But here’s the rub: The Anglican Communion is more than a charitable organization under the UK Charities Act. It is a Church – led by Bishops who have an ancient, conciliar responsibility to guard the doctrine, discipline and order of the Churches they lead, and Primates to guard the faith and Godly order in the relationships among those Churches. This authority is recognized not only in the Resolutions of the Lambeth Conference but also in The Principles of Canon Law Common to the Churches of the Anglican Communion. One hardly knows how to characterize the repudiation of the Primates gathering by the ACC – arrogance, rebellion or legal fiction, it’s all the same.
As I contend in Anglican Conciliarism, this is the heart of the “ecclesial deficit,” the inability of the existing global structures of the Anglican Communion to say “no” to false teaching or any other violation of faith and order. There was some hope that the proposed Anglican Communion Covenant would provide a means for addressing this deficit. But those hopes were dashed at the 2009 meeting of the Anglican Consultative Council in Kingston, Jamaica. The section of the proposed Covenant on discipline and conflict resolution was initially approved, then undone by delegates from Anglican Churches in the West, with the help of then Archbishop of Canterbury Rowan Williams himself! The section on discipline was sent back for further study, amended, and ultimately placed discipline in the hands of an even smaller and less representative body elected from the Anglican Consultative Council, the “Standing Committee of the Anglican Communion.” As of this date the Covenant is dead in the water. Even with all of these changes it could not pass provincial approval by the Mother Church of the Anglican Communion.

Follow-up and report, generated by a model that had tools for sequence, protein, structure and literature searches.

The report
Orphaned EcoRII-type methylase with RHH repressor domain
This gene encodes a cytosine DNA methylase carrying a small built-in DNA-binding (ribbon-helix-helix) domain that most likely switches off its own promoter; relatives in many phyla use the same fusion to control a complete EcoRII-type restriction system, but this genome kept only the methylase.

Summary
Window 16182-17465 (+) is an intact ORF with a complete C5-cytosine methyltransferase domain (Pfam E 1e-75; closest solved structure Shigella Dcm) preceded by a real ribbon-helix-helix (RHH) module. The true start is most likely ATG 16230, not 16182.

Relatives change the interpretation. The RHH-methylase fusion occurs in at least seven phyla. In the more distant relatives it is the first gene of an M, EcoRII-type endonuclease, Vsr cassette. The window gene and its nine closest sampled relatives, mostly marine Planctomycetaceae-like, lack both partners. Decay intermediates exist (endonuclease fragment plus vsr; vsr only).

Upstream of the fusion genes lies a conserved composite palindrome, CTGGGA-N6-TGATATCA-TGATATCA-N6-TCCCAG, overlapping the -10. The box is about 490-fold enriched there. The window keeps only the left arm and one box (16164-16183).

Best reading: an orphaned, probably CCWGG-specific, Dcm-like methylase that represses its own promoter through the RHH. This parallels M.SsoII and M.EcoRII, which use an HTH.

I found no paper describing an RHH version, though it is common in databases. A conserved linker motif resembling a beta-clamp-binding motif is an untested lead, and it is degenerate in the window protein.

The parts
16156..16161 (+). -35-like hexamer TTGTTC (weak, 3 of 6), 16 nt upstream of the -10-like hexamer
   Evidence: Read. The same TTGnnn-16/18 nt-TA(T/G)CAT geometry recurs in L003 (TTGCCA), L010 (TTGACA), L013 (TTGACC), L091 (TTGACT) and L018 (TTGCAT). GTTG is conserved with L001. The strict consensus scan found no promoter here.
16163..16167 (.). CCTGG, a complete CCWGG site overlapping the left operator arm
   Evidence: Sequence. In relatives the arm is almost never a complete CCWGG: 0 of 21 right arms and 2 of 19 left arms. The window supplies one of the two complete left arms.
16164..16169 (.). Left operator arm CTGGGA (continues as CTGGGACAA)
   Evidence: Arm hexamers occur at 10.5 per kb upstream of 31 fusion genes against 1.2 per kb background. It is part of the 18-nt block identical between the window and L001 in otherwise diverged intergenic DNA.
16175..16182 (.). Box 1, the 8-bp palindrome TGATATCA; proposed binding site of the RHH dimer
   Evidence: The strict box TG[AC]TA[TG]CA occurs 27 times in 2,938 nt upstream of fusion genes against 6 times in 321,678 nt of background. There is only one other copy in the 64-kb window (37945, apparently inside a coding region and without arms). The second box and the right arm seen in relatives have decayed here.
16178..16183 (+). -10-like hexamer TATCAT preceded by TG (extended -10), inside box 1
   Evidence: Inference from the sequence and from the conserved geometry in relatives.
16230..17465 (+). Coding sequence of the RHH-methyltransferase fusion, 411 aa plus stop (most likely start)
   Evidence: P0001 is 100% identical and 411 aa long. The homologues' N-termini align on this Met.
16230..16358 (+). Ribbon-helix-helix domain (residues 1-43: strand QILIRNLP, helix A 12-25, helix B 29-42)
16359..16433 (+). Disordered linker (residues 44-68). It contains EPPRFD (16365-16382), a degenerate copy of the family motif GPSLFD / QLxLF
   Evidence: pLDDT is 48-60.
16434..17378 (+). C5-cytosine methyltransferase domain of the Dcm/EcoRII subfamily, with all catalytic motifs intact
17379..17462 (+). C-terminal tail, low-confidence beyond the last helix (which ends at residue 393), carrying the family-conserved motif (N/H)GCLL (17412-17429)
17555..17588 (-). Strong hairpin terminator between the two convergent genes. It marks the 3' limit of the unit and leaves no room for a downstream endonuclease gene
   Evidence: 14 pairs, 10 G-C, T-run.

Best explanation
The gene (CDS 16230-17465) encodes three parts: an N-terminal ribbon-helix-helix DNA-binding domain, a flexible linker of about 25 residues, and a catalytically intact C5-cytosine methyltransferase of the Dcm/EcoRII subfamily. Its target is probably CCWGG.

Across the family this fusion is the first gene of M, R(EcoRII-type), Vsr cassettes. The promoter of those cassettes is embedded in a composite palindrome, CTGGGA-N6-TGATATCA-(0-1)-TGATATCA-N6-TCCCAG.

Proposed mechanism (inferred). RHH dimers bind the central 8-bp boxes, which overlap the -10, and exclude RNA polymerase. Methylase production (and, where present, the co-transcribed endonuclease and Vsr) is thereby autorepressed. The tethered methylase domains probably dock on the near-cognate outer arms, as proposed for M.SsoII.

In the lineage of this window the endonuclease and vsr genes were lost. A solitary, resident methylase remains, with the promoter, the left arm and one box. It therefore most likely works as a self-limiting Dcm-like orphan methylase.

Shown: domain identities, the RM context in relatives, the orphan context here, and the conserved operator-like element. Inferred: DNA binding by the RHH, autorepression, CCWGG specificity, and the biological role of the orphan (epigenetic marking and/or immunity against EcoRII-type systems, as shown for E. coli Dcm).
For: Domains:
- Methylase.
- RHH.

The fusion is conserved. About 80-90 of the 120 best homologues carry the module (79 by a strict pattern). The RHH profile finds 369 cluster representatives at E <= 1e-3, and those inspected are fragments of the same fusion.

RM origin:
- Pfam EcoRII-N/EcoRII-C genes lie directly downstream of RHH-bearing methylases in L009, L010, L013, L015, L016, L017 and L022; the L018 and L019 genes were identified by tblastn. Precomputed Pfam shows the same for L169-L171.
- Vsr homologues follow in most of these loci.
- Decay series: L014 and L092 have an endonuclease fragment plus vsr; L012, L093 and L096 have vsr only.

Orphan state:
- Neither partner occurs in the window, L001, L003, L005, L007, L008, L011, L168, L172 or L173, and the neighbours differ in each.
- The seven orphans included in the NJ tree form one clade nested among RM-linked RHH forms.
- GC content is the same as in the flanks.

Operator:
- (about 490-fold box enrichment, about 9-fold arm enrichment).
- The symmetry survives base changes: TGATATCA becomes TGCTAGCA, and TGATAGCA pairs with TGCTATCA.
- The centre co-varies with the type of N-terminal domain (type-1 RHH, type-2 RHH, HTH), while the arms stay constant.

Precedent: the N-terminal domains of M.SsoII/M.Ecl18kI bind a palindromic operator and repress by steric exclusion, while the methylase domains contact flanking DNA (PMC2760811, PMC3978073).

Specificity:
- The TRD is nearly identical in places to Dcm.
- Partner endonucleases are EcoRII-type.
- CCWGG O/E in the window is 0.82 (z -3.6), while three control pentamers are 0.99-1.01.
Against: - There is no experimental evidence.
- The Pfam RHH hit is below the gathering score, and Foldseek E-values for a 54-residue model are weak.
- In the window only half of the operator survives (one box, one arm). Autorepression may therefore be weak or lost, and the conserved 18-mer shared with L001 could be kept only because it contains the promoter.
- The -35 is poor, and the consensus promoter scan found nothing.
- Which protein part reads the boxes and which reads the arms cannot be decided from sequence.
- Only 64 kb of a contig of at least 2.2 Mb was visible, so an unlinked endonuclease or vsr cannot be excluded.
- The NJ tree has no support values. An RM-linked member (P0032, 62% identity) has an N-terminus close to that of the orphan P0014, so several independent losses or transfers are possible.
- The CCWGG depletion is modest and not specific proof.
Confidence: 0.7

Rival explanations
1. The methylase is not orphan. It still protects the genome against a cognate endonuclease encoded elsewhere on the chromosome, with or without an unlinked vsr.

But the legacy of the Anglican Consultative Council lives on. In Conciliarism: A History of Decision-Making in the Church , Paul Valliere describes it well:
“One may wonder also whether many Anglicans will warm to the Standing Committee of the Anglican Communion even if it succeeds in establishing itself as the arbiter of their fellowship. Is a committee the optimal institutional embodiment of catholic concordance? In 1867 global Anglicanism created a conference; in the twentieth century, consultative instruments; in the first decade of the twenty-first century a covenant; now a committee. Is there any ecclesial logic, not to speak of ecclesial poetry, in this progression?”
For all these reasons, the Anglican Consultative Council is the last place we should look to recover the Anglican conciliar way of decision making.
 The Constitution of the Anglican Consultative Council a.k.a. The Articles of Association of the Anglican Consultative Council by Certificate of Incorporation of a Limited Company, No. 7311767, (incorporated 12 July 2010) under the UK Companies Act 2006,
 P. Valliere, Conciliarism: A History of Decision-Making in The Church (Cambridge: Cambridge University Press, 2012) at p. 234.
Canon Phil Ashey is the President and CEO of the American Anglican Council